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Trying to register a boat! wth?

BalticLady

New member
Joined
24 Sep 2020
Messages
20
That's a page beyond your personal log in and so I can't view it. It's very concerning if these are genuinely new requirements for the SSR.
Sorry I realised that after I posted, but yeah, I uploaded the screen shot of things they've asked me for.
I shot them an email this evening and hopefully the come back to me tomorrow saying that there's been a mistake haha.

I called a family friend and he's said there's no way they could expect some of the things they're asking for, so hopefully you're all right.
But, with the mixture of both Brexit and our government, a few hail marys might be in order.
 

BalticLady

New member
Joined
24 Sep 2020
Messages
20
This would suggest that tonnage survey, etc. should still not be required for SSR:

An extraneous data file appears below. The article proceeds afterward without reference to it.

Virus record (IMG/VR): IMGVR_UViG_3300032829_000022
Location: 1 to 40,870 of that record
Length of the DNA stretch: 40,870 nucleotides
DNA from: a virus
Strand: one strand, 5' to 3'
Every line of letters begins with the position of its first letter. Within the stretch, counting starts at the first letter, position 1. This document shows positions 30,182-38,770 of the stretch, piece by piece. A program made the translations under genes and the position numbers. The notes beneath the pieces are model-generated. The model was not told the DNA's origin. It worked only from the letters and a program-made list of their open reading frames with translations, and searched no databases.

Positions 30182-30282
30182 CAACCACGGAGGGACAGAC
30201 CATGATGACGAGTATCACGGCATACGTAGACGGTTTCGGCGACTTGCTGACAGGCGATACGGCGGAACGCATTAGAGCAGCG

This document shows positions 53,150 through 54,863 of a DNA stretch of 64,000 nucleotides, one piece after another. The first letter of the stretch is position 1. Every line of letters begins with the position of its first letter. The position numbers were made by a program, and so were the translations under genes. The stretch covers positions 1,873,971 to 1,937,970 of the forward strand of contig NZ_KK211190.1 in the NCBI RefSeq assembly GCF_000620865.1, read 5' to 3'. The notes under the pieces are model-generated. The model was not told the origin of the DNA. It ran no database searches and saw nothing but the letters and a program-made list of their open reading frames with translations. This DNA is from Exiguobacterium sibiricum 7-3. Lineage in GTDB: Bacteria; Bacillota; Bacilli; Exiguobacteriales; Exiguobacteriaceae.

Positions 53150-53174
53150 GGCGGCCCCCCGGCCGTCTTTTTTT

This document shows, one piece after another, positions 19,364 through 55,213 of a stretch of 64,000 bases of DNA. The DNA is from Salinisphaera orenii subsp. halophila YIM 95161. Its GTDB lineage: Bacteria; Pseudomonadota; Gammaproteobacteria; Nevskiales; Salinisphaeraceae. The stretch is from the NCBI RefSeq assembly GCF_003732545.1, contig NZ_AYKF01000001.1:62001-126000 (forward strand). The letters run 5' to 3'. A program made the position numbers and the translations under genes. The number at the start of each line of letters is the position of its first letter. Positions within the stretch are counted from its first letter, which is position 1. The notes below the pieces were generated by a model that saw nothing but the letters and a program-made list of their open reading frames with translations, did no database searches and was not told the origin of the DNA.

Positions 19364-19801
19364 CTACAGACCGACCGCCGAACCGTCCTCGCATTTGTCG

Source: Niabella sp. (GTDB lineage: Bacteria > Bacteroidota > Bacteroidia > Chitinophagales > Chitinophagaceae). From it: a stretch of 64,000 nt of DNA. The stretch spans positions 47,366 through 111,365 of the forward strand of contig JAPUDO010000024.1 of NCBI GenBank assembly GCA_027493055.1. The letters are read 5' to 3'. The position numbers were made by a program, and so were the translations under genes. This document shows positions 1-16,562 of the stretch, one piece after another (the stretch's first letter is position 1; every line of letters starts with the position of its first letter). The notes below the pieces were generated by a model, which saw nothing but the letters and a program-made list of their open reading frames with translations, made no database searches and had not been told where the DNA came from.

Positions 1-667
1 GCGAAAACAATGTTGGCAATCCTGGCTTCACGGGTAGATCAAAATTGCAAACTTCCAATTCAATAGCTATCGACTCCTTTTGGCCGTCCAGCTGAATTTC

Small Ships Register (Part 3)

Perhaps it's a problem with the website, rather than the system, and a call in the morning will rectify the situation. SSR should be your solution and should only cost you £35 for five years.
I did read this website a few minuets ago, and yeah hopefully that's what I get emailed tomorrow.

If anyone else is having the same issue, a friend at the marina just came to the boat and told me that you're normally able to skip the page that I am stuck on asking for information.
So it probably is a glitch, should also say that on the page and that these aren't the minimum requirements.
 

sailaboutvic

Well-known member
Joined
26 Jan 2004
Messages
8,193
Location
Med